On September 6, 1990, the film was re-released on both VHS and LaserDisc in a new advertising campaign with lower retail prices. It was this new wide availability on video, as well as broadcasts on cable, that helped NIMH garner a cult following long after its theatrical debut.[1] This was followed by another VHS release under the MGM/UA Family Entertainment label in 1994, along with a Philips CD-i video disc version that same year, which was available exclusively through Warner Home Video in worldwide.[12]

The film was released on DVD for the first time on November 17, 1998, which was reprinted numerous times in the ensuing years, both as a stand-alone release or bundled with other animated movies from MGM or 20th Century Fox.[16] Don Bluth and Gary Goldman later oversaw a high-definition restoration of the film, which was released on June 19, 2007 in a 2-disc DVD set called the "Family Fun Edition". Improvements in the transfer over the 1998 DVD include color correction and dirt and dust removal, and included special features such as audio commentary from both individuals, and an interview featurette.[16] A Blu-ray version was released on March 29, 2011, which retained the special features of the Family Fun Edition.[17]

ReceptionEdit

Box officeEdit

The film's distributor, MGM/UA Entertainment Company, barely did any promotion for the film, leading Aurora to finance the advertising campaign themselves. The financiers had expected the film to open in wide release in 1,000 venues, but MGM opted for a limited opening weekend in 100 theaters, with its widest release in only 700. Although in competition with the blockbuster E.T. the Extra-Terrestrial directed by future Bluth partner Steven Spielberg,[18] it performed better in those theaters alone in its opening week than Poltergeist, Rocky III, Firefox, and Star Trek II: The Wrath of Khan. However, as a result of its release and competition with other summer fare, NIMH became only a moderate success, grossing $14,665,733 in North America, though it was more successful on home video, cable, and foreign release, ultimately turning a profit.[1]

Critical responseEdit

The Secret of NIMH received widespread critical acclaim upon its release and continues to be hailed as one of the greatest animated films of all time. It received a 96% "Fresh" approval rating on Rotten Tomatoes, based on 23 reviews with the consensus that "The Secret of NIMH is a dark, well-told tale that respects its young audience enough to not tone down its subject matter."[19] Critics Gene Siskel and Roger Ebert gave the movie two positive "yes" votes on a July 15, 1982, episode of their television program Sneak Previews with Ebert stating "Walt Disney would've liked The Secret of NIMH."[20][21] Ebert would give Secret of NIMH three out of four stars in his review for the Chicago Sun-Times, calling it "an artistic success", praising the quality of its animation, and that it "contains that absolute rarity among feature-length animated cartoons, an interesting premise".[22] However, Ebert found that NIMH may not resonate as well on an emotional level with younger viewers, since "it has so many characters and involves them in so many different problems that there's nobody for the kids in the audience to strongly identify with."[22] Siskel, writing for the Chicago Tribune, found the movie "charming", but stated that the narrative was "littered with too many unimportant characters" and that Dom DeLuise "insert[ed] too much of himself" into the character of Jeremy.[23] Despite this, Siskel found the film, particularly the second half, to be a "genuine pleasure", and felt that even adults will be drawn into the story by the end, giving it three stars out of four.[23] In his review for the 1990 VHS re-release, Jeff Unger of Entertainment Weekly gave The Secret of NIMH a grade of "A", calling it "a wonderful adaptation" of the original book, adding that "Bluth and his animators, bless them, chose to revive an endangered art form – classically detailed animation. They drew their characters exquisitely and gave them individual personalities. The entire ensemble – artists, actors, animals, and musicians – created something unique: the world's first enjoyable rat race."[24] Similarly, Richard Corliss of Time magazine called the movie "something gorgeous to look at".[25]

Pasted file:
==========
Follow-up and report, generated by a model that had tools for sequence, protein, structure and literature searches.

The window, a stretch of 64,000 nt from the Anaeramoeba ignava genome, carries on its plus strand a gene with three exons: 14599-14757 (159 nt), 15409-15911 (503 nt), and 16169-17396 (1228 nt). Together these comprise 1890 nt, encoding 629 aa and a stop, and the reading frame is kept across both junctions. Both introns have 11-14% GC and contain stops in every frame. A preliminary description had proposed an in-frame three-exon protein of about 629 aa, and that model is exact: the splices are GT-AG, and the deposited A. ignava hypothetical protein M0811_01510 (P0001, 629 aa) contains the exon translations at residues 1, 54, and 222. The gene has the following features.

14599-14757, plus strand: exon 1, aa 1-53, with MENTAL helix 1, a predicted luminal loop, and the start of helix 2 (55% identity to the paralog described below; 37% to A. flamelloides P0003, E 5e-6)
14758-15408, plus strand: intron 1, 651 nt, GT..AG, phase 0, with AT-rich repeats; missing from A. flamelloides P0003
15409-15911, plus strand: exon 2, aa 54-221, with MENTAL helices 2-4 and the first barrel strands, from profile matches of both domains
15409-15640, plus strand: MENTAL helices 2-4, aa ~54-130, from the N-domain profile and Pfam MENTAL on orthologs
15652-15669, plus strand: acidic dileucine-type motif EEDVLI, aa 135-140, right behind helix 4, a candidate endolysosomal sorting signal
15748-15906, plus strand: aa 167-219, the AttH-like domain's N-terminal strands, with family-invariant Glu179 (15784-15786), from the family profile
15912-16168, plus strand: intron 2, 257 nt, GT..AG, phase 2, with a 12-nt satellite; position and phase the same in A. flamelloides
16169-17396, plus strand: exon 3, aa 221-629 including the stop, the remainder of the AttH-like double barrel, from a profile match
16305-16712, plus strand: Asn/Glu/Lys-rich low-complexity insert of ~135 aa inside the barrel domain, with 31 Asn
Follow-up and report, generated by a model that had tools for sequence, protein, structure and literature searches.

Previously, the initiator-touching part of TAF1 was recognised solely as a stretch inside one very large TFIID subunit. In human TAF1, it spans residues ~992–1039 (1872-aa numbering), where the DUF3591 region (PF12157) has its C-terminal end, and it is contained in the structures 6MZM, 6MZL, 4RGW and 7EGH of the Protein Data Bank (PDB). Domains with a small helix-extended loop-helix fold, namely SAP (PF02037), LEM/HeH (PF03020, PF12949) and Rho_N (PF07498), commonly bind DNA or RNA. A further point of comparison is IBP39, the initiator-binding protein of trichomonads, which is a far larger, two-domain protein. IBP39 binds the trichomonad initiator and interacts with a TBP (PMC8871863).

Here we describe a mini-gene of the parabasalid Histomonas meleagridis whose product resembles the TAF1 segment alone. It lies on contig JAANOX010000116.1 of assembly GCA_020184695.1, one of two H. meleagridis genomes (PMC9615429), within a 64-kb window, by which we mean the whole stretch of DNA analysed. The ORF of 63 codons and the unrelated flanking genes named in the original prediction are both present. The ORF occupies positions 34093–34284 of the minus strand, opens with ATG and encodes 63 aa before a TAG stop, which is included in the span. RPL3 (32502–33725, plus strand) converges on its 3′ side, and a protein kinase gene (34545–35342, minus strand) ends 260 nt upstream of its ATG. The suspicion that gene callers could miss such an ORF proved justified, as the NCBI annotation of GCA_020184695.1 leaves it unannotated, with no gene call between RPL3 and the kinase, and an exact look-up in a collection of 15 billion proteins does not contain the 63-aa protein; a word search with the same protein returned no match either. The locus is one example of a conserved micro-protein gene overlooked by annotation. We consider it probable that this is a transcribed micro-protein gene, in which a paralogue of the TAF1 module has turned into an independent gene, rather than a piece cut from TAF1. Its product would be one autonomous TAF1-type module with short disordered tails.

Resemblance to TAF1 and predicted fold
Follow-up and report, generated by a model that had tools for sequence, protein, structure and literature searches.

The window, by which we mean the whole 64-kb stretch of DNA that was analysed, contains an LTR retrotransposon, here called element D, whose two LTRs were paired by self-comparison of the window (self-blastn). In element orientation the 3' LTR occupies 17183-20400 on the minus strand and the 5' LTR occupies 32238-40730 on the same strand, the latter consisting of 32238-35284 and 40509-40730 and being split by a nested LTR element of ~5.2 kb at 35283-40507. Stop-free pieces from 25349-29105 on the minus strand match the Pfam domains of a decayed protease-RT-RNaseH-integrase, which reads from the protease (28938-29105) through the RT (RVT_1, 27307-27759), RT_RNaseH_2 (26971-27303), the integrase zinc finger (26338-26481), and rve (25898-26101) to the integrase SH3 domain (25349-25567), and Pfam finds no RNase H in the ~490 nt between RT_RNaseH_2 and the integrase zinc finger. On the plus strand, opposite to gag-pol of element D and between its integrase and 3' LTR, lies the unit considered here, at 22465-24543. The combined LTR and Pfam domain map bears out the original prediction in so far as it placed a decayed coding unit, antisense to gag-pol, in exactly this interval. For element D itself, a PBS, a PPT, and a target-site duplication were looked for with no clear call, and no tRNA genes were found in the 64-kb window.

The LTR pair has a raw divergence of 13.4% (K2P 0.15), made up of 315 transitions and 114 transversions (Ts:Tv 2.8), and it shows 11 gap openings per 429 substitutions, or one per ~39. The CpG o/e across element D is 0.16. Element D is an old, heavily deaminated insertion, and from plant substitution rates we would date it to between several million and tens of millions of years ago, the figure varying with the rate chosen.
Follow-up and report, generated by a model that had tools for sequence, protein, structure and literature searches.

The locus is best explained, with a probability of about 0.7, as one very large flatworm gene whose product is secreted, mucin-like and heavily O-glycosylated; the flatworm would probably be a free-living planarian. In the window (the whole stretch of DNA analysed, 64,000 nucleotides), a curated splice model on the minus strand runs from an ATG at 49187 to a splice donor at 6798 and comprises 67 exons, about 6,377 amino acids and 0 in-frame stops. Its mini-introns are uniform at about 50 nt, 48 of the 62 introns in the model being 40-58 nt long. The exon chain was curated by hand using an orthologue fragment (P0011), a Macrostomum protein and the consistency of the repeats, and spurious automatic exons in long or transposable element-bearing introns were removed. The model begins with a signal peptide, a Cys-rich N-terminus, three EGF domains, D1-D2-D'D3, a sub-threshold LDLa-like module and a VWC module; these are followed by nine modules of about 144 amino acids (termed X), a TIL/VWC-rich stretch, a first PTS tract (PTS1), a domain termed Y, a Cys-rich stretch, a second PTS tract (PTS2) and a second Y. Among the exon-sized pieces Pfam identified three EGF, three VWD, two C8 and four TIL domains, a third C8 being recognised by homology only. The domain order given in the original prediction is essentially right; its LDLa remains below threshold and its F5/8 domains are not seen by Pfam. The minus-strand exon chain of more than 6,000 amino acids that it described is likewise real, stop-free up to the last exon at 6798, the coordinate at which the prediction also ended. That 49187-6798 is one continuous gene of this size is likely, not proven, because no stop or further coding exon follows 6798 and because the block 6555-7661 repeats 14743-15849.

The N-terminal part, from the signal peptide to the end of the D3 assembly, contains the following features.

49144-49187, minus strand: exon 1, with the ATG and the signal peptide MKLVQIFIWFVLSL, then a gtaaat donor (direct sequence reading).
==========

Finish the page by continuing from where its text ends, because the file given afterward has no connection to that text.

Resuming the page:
AccoladesEdit

The Secret of NIMH won Best Animated Film of 1982 at the 10th annual Saturn Awards, where it also received a nomination for Best Fantasy Film, losing to The Dark Crystal.[26] In his acceptance speech, Bluth remarked, "Thanks. We didn't think anyone had noticed."[1] The film was also nominated for Best Family Feature for Animation, Musical or Fantasy at the 4th annual Youth in Film Awards, being beaten by E.T. the Extra-Terrestrial,[27] while the home video release received an Award of Excellence from the Film Advisory Board.[28] In 2008, the American Film Institute nominated this film for its Top 10 Animation Films list.[29]

Award Nomination Nominee Result
Saturn Award Best Animated Film The Secret of NIMH Template:Won
Best Fantasy Film The Secret of NIMH Template:Nom
Youth in Film Award Best Family Feature: Animated, Musical or Fantasy The Secret of NIMH Template:Nom

SequelEdit

Main article: The Secret of NIMH 2: Timmy to the Rescue

A direct-to-video sequel directed by Dick Sebast and produced by Metro-Goldwyn-Mayer Animation titled Timmy to the Rescue was released on December 22, 1998.[30] Set several years after the events of the first film, the plot focuses on Mrs. Brisby's son Timothy as he struggles to live up to his father's prestigious reputation. The movie was made without Don Bluth's input or involvement, and was heavily panned by critics and fans upon release.[30][31]

RemakeEdit

On March 4, 2015, Deadline Hollywood reported that MGM had re-acquired the rights to produce a new film based on the original novel Mrs. Frisby and the Rats of NIMH. The film will be produced by the team of Daniel Bobker and Ehren Kruger, with screenplay by Ice Age series writer Michael Berg.[32] It is planned as a CGI/live action hybrid "à la The Smurfs and Alvin and the Chipmunks", and will be "an origin story in which an imperiled mouse protagonist befriends a comical crew of lab rats as they turn hyper-intelligent. They escape a secret laboratory and become the great minds of vermin civilization, forced to outwit the humans hot on their tails."[33] The studio plans to turn the novel into a family franchise.[32]